When five riders set out to discover the secrets of one of the world’s oldest civilisations, they acquired far more insight than they had bargained for.
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The Parisien motorcycling friends arrived in Brazil with a clearly defined checklist: have an adventure, meet new people and find out the true meaning of beauty.
As they ticked off the first two they started to find the answer to the third… that the secret of true beauty goes much deeper than what brand of make-up, lipstick or face mask you wear.
L’equipee (the team) consisted of Cecile, Cindy, Pauline, Louise and Louise B, all in their 30s, among them a director, product manager and upholsterer.
Photographer Ludovic Ismael joined the girls on the three-week Marie Claire-sponsored ride to capture their joint love of adventure, overpowering need for liberty, rebellion and non-conformity… and all consuming love of riding.
Here’s a daily snapshot of their 4,000km from Copacabana beach to the Amazon through the muddy tracks of the Pantanal, on Triumph Bonneville T100s.
From Copacabana beach to the Amazon
A swim at the beach and feijoada (Portuguese bean stew with beef and pork) for lunch, is followed by an afternoon trying to discover the true meaning of diva. Beauty salon owner Evânio Alves, his walls adorned with portraits of screen god-desses, helps us: “A diva in this digital age must be surrounded by mystery and live in a certain isolation.”
Next stop Lapa, streets packed with people queuing to dance in one of the neighbourhood’s many clubs, where we try a few Samba de Gafieira steps. First chance to discover how Brazilian women live and what they like comes as we meet a female beach volleyball team. The answer, in Rio at least, is hair extensions.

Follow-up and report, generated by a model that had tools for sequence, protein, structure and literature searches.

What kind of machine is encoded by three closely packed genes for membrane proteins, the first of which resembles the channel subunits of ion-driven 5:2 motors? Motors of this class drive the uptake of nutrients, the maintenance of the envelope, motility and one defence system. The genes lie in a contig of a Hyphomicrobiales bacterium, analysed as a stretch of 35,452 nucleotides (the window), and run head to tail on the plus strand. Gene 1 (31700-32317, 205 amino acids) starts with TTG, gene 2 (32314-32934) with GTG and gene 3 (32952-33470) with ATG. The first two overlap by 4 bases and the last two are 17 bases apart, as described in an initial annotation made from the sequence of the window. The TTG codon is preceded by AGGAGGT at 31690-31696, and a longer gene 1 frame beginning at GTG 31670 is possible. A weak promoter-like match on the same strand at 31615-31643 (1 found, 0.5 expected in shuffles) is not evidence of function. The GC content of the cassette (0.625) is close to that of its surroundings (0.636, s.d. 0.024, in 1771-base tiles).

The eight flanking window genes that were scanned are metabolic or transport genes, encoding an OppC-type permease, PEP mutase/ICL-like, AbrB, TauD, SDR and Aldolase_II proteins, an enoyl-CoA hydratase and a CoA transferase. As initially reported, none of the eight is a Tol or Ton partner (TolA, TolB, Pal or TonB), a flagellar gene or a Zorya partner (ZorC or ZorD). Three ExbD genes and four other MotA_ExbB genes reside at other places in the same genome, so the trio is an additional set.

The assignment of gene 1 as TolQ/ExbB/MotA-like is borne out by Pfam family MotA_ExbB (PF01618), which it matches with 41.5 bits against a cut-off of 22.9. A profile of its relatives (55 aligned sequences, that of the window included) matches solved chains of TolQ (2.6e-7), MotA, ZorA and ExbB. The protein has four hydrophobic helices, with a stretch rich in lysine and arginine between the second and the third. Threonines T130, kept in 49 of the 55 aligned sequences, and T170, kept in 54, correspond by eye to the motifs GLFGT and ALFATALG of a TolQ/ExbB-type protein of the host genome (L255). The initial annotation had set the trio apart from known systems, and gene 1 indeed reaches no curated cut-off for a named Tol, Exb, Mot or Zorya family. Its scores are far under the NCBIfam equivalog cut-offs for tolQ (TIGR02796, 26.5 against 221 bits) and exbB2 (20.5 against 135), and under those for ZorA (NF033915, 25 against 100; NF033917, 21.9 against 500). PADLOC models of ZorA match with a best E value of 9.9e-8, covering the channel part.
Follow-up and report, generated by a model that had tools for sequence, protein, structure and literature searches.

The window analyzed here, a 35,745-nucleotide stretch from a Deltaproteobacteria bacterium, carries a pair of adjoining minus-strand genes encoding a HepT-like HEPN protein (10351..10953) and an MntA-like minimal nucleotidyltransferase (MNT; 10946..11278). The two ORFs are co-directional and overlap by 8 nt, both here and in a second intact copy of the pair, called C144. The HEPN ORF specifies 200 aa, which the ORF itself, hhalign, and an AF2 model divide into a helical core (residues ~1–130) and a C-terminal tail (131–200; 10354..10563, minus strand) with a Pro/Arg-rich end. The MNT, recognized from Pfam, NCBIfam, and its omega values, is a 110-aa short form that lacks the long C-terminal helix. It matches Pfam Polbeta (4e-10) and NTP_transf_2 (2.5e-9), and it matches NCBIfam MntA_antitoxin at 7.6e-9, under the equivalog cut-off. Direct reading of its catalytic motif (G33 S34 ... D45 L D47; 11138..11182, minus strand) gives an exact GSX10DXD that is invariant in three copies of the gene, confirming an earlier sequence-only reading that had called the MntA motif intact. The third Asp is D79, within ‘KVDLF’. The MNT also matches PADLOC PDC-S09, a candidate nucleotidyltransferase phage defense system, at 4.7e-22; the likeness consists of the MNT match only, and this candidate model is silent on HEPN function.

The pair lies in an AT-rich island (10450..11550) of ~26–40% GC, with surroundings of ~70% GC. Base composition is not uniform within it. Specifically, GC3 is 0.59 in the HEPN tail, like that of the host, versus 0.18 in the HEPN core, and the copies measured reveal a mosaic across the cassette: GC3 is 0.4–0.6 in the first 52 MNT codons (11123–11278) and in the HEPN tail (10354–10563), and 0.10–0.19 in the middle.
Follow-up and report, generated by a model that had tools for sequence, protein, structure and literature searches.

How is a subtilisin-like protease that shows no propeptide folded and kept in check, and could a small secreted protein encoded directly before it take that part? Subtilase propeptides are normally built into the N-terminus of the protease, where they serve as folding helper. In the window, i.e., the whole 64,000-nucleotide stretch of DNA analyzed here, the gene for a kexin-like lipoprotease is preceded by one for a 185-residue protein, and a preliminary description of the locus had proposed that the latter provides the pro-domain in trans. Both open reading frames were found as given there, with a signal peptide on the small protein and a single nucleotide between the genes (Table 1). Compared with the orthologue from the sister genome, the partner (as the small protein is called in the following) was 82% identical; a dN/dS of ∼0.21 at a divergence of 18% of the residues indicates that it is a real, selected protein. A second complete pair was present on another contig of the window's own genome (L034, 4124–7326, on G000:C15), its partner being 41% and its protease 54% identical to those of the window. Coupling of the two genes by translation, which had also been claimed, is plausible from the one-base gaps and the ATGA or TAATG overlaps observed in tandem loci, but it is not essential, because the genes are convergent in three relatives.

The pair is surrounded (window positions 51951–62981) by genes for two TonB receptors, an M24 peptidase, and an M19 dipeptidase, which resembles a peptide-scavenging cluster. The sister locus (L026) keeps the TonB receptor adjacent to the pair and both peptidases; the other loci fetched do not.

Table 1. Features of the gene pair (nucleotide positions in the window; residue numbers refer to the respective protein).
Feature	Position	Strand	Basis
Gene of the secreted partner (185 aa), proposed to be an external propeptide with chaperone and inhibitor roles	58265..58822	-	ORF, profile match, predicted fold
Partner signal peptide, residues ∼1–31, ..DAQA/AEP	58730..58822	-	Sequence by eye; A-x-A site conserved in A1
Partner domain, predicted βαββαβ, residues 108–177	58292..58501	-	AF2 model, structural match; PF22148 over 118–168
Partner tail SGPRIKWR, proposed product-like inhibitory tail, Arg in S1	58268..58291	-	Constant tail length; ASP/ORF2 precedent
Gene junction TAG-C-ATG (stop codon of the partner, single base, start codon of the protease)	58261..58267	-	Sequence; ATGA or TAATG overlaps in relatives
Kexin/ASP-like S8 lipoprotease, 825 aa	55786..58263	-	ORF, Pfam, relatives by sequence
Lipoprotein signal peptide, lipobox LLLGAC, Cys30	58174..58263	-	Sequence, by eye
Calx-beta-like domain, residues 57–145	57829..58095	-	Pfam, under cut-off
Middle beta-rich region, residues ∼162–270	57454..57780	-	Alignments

The evening is spent with historian Elida Aquino, who runs the Meninas Black Power blog, its aim to strengthen black women’s self-esteem against a backdrop of racism. We leave after three hours, more convinced than ever of the importance of cherishing the whole spectrum of female beauty.
The poverty-stricken favelas on Rio’s hills are one of the city’s most striking features, yet some of the truly inspirational stories within the shanty towns go unreported. We climbed the hill to Vidigal to visit Casa Geração Vidigal, a fashion school founded by Nadine Gonzalez and Andrea Fasanello who, from a modest house, have trained 20 students from poor communities. It takes student Jessica Senra three hours to reach each day, but by the end of this year she will have the commercial skills to create her own collection.
“Last year’s graduates are all employed now,” says Andrea. “We have some financial support to start the school year, but need more. Each student costs 25,000 Brazilian Reals a year so we need companies to sponsor students.” After learning to sew, we meet Dr Paulo Müller, one of the nation’s leading plastic surgeons, who tells us how the Brazilian woman regards beauty care as a cultural necessity rather than a financial burden.
He said: “No matter how humble, she always wears lipstick and perfume. To be good, plastic surgery must pass unnoticed. Today, with 30 years of experience, I can say that beauty is more of a state of mind than an aesthetic matter.”
We leave Ipanema at dawn to head inland towards Brazil’s colonial past at Tiradentes (Minas Gerais), once famed for an abundance of gold, and a world away from the bustle of the city. We stop for lunch in a modest restaurant in the centre of Petropolis, a municipality in the interior of Rio where Dom Pedro II – the nation’s second king – once built a palace and other aristocrats followed suit.
Garage stops on our 70s-inspired bikes create a stir every time as five women on bikes do not go unnoticed! The Bonnies eat up the 320km motorway. Suddenly we are immersed in jaw-dropping and stunningly preserved colonial architecture.
Communication has been a struggle since we arrived in Brazil. It is rare to find French speakers, but some say food is a universal language. They are right. In Kitanda restaurant, Portuguese-speaking chef Tanea Romao shows us how to create a delicious Brazilian lunch using old Brazilian recipes that have been lost through the generations and mists of time.